Does Redfin Estimate artificially inflate the value of certain homes, or is it just incredibly accurate and sensitive to changing market conditions? The founder of a low-fee brokerage attempted to get to the bottom of the valuation tool and found some startling results.

Does Redfin Estimate artificially inflate the value of certain homes, or is it just incredibly accurate and sensitive to changing market conditions? The founder of a low-fee brokerage attempted to get to the bottom of the valuation tool and found some startling results.

In a post on Quora, a question and answer website, Joseph Alongi, founder of low-fee brokerage SoldNest said that he believes Redfin has had a big impact on rising prices in the past few years.

Does Redfin’s valuation tool inflate prices?

“They’ve had a major influence on home prices over the last several years and nobody talks about it,” wrote Alongi. “I’m not saying they are the cause, but I think they definitely added fuel to the fire.”

Alongi said he’s been following the estimate closely for the past four years and noticed a big change shortly after he started paying close attention.

“Their estimate would make an immediate adjustment after the home went on the market and another two or three within the first 48–72 hours,” Alongi said. “Redfin admits that they factor in the list price into their estimate when the home hits the market.”

Alongi said he also believes user engagement (i.e., how many times the photos get scrolled through, how many favorites and shares, how much time a user spends on the page) — compared to other comps — is another factor.

Alongi shared an anecdote regarding a client he had about a year-and-a-half ago that found a desirable home in the Silicon Valley neighborhood he had been eyeing. The client was a senior research engineer with a doctorate from Stanford and worked at a tech company in Silicon Valley.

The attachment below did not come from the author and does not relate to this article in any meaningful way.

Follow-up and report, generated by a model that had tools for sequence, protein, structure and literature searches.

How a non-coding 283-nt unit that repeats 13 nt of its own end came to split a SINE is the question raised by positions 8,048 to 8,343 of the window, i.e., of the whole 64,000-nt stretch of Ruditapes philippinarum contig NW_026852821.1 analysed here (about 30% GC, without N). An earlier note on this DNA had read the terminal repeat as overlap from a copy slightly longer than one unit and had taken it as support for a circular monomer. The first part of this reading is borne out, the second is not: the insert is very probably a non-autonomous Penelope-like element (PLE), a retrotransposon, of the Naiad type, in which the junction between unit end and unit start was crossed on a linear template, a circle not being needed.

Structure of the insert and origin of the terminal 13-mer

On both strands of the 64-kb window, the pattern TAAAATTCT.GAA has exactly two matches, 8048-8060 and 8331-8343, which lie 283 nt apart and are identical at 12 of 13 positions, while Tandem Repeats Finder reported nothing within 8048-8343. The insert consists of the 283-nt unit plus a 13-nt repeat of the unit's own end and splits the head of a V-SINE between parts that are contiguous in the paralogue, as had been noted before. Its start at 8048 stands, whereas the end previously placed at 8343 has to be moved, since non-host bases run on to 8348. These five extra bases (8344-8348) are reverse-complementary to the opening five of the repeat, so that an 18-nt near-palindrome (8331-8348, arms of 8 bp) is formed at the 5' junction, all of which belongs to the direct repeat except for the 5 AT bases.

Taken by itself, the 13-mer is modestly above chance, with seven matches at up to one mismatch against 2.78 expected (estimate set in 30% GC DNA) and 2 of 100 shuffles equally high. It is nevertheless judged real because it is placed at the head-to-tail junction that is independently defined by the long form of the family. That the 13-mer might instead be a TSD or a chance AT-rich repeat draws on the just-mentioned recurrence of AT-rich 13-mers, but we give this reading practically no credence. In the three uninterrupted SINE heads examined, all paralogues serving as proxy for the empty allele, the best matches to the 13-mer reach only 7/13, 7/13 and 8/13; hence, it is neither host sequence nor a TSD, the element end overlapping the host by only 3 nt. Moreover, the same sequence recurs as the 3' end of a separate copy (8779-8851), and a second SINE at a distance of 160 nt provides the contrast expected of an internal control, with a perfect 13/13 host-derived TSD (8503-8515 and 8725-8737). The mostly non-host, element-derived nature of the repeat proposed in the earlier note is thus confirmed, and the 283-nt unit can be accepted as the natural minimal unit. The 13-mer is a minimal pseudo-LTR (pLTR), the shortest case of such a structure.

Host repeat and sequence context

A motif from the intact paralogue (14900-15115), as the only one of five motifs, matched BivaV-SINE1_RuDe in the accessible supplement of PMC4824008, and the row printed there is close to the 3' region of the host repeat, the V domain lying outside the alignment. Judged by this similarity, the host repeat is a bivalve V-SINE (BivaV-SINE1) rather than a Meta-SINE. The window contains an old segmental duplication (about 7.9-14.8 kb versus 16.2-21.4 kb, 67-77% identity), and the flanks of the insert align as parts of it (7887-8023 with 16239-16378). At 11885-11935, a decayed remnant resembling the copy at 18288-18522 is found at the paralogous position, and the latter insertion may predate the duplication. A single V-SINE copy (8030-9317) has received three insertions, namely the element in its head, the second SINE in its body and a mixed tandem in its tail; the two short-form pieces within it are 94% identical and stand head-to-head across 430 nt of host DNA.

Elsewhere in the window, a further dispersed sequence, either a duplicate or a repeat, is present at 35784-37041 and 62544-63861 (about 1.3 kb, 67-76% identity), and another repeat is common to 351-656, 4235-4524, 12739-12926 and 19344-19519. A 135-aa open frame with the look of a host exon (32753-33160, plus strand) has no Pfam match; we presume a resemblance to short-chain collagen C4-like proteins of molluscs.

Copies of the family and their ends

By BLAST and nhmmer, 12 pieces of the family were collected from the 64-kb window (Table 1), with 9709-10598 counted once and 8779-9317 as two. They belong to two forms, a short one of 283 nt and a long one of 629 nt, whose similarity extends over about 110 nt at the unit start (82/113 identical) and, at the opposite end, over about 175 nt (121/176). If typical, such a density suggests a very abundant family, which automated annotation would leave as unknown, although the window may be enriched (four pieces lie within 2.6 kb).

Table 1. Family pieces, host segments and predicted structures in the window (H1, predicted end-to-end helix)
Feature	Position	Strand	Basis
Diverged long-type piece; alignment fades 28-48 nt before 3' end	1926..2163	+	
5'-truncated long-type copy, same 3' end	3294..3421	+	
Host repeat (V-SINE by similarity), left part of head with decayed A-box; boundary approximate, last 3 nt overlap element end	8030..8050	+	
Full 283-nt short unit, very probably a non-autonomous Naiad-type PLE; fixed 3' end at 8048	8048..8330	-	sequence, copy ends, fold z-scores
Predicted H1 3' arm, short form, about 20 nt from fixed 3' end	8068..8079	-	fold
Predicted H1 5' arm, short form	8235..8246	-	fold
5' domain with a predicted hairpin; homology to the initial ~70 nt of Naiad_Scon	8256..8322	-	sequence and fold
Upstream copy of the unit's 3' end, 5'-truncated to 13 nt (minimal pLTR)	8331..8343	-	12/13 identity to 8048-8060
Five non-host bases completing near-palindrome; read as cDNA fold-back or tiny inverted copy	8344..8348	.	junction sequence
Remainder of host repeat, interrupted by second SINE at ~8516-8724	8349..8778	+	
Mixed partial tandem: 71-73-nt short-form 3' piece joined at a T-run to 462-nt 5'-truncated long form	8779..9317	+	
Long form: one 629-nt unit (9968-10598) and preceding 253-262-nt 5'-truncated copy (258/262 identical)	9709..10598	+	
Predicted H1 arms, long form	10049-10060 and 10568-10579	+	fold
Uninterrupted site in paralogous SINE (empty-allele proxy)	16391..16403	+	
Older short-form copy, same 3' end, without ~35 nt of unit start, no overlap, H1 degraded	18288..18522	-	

Together, the two picked the house to test Alongi’s hypothesis that Redfin’s estimate will rise as offers start to come in. So they made a $1.9 million offer on the house, which was listed for $1.78 million.

“It was their absolute highest and it was a very strong offer,” Alongi said. “Similar comps sold at that same price with better layouts.”

“The listing agent thanked me for the offer but said that the seller wanted to wait until after the first weekend’s open house,” Alongi added. “So, my client and I checked the Redfin estimate the next day. $1,950,000. By the third day, it had reached $2,210,000 and stayed there. 20 percent over the asking price.”

In another case, Alongi listed a home for $1.1 million — which he believed was fair market value. In the coming days, he watched the Redfin estimate balloon up to nearly $1.3 million. The home sold for slightly more than $1.3 million — another case where he believes a rising Redfin estimate led to an inflated sales price.

If Alongi’s theories were all true, it would mean the Redfin Estimator is stunningly accurate, but he believes there’s another issue: that in addition to being a listing portal, Redfin is a brokerage and the majority of its revenue is generated by its agents making a commission.

Before making the adjustment that Alongi suggests took place, Redfin agents could have found themselves in a conundrum. Theoretically, armed with all of the knowledge of the market, they could have told their client what they believe was a strong offer, but if the Redfin estimate was much lower, the buyer could be scared off or find a different agent with whom to work.